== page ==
May 2, 2011, 12:42 PM
I was wondering if anyone is familiar with the history of proof marks on older guns (both handguns or longguns). I see them particularly on older belgian guns. I am interested in the process involved in applying the proof marks. Was each gun individually proof tested, or was it like cars today where you would test a demo model to destruction, and then apply the rating to each production model? Was proofing done in house, with or without oversight of a governing body, or at an entirely seperate location by an independant organization?
I dont really see any proof marks on new guns. Is there a reason the process was stopped, and roughly when did it stop?
Hoping to get some interesting information, and thank you for your help!
May 2, 2011, 04:11 PM
It didn't stop.
Most all foreign made guns still have proof-marks on them, if you know where to look.
There was never any law requiring proof testing in the USA.
Some of the better companies did, and still do proof-test every gun.
Winchesters WP in an oval proof mark for instance, or Remington's R.E.P., or Colts VP.
Other U.S. companies do proof-test every gun, but do not so mark the guns.
In Europe, England, France, Germany, Italy, etc. it has long been a requirement by law, and in most cases, is done by the government proof-house.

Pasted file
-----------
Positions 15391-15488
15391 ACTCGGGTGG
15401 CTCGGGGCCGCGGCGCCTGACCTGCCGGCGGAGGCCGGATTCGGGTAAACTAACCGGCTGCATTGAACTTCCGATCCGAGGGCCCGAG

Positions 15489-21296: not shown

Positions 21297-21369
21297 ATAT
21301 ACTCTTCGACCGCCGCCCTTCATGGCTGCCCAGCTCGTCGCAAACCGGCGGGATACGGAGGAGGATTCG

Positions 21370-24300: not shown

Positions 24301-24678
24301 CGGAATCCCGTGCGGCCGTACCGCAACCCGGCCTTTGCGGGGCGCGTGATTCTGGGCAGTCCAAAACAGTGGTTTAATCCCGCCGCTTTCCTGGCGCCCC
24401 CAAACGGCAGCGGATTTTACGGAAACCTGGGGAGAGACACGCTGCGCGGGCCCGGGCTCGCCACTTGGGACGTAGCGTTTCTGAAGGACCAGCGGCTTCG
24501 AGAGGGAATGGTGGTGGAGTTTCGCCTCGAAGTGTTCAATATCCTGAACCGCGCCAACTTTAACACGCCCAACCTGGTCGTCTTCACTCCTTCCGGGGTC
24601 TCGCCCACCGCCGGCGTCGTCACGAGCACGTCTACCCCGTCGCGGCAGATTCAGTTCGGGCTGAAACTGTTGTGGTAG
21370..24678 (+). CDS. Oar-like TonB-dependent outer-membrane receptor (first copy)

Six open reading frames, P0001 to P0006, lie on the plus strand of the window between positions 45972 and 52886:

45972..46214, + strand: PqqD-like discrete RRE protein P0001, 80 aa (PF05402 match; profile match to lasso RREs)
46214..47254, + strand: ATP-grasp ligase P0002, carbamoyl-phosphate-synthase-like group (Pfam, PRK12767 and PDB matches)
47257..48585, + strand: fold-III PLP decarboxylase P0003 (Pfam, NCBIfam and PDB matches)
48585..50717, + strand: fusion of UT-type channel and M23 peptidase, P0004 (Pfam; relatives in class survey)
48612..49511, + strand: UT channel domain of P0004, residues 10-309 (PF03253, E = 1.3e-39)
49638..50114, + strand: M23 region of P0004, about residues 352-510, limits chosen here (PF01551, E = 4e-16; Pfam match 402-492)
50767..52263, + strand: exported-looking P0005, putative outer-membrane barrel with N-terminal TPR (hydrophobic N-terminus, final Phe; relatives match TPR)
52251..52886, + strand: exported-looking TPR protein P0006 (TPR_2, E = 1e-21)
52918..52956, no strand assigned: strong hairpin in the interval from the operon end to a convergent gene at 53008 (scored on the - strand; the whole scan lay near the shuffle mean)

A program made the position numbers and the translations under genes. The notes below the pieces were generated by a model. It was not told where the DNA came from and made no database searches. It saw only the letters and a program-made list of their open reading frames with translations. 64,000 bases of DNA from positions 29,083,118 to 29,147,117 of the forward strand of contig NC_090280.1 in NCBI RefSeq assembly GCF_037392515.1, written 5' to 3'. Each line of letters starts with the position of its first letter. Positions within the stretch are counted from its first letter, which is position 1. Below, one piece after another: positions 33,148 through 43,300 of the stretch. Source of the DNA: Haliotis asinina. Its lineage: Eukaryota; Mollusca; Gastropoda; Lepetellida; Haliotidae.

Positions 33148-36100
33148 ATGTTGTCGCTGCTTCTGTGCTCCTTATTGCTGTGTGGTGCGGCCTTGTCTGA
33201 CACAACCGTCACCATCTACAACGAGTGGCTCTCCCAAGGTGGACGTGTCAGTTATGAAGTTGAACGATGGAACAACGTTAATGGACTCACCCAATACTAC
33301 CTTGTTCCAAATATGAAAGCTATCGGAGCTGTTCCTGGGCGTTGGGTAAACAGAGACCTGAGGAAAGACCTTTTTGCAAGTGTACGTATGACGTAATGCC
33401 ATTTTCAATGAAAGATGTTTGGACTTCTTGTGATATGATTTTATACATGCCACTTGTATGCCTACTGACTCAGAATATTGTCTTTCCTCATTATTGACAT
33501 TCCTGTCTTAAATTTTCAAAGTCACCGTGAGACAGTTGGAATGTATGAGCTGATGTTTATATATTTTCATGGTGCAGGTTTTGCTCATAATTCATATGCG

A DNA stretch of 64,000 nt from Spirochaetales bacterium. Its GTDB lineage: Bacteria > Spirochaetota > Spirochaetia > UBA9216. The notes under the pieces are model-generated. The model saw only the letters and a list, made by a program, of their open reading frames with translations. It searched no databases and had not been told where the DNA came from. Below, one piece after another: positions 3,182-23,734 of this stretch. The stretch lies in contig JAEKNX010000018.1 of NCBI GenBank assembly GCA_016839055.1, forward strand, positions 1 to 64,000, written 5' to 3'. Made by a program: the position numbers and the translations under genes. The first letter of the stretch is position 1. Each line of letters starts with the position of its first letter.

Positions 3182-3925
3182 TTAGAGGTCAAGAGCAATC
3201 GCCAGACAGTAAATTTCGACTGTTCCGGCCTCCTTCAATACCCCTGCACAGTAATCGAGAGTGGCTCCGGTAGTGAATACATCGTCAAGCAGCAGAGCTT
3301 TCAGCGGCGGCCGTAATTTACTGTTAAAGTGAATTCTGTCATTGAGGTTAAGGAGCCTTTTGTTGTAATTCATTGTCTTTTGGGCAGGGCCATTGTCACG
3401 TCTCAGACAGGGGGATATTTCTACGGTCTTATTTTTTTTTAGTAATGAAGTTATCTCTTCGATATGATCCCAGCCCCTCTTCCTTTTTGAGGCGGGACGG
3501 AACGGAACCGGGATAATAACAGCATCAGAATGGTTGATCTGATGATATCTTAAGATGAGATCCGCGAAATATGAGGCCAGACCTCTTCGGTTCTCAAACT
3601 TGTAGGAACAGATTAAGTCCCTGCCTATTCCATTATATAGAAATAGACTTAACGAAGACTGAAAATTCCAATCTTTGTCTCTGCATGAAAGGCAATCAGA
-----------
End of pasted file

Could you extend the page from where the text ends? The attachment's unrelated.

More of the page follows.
Tower of London comes to mind, as does the Italian National Proof House in Gardone Italy.
Each gun maker is required to send every gun it makes to be proof-tested, and pay the government for the privilege.
And yes, every single gun is proof tested with a high-pressure load or over-charge before receiving the unofficial (USA) or official, (rest of the world) proof stamp.
From a historical standpoint, I suppose it started shortly after the invention of black powder firearms.
At the time, barrels were made by blacksmiths out of wrought iron, or cast iron, or cast bronze, or Damascus steel.
Explosions killed or maimed lots of people.
Finally, the governments stepped in and made it law that all firearms had to be proof tested by the crown to see if they were going to blow up and maim a subject the first shot or not.
Today, fine steel and modern manufacturing methods make defective barrels almost unheard of.
But old habits, and old laws die hard, especially when it generates revenue for the government.
May 2, 2011, 10:50 PM
Thanks for the well written response. Always interesting to get a little historical perspective on things.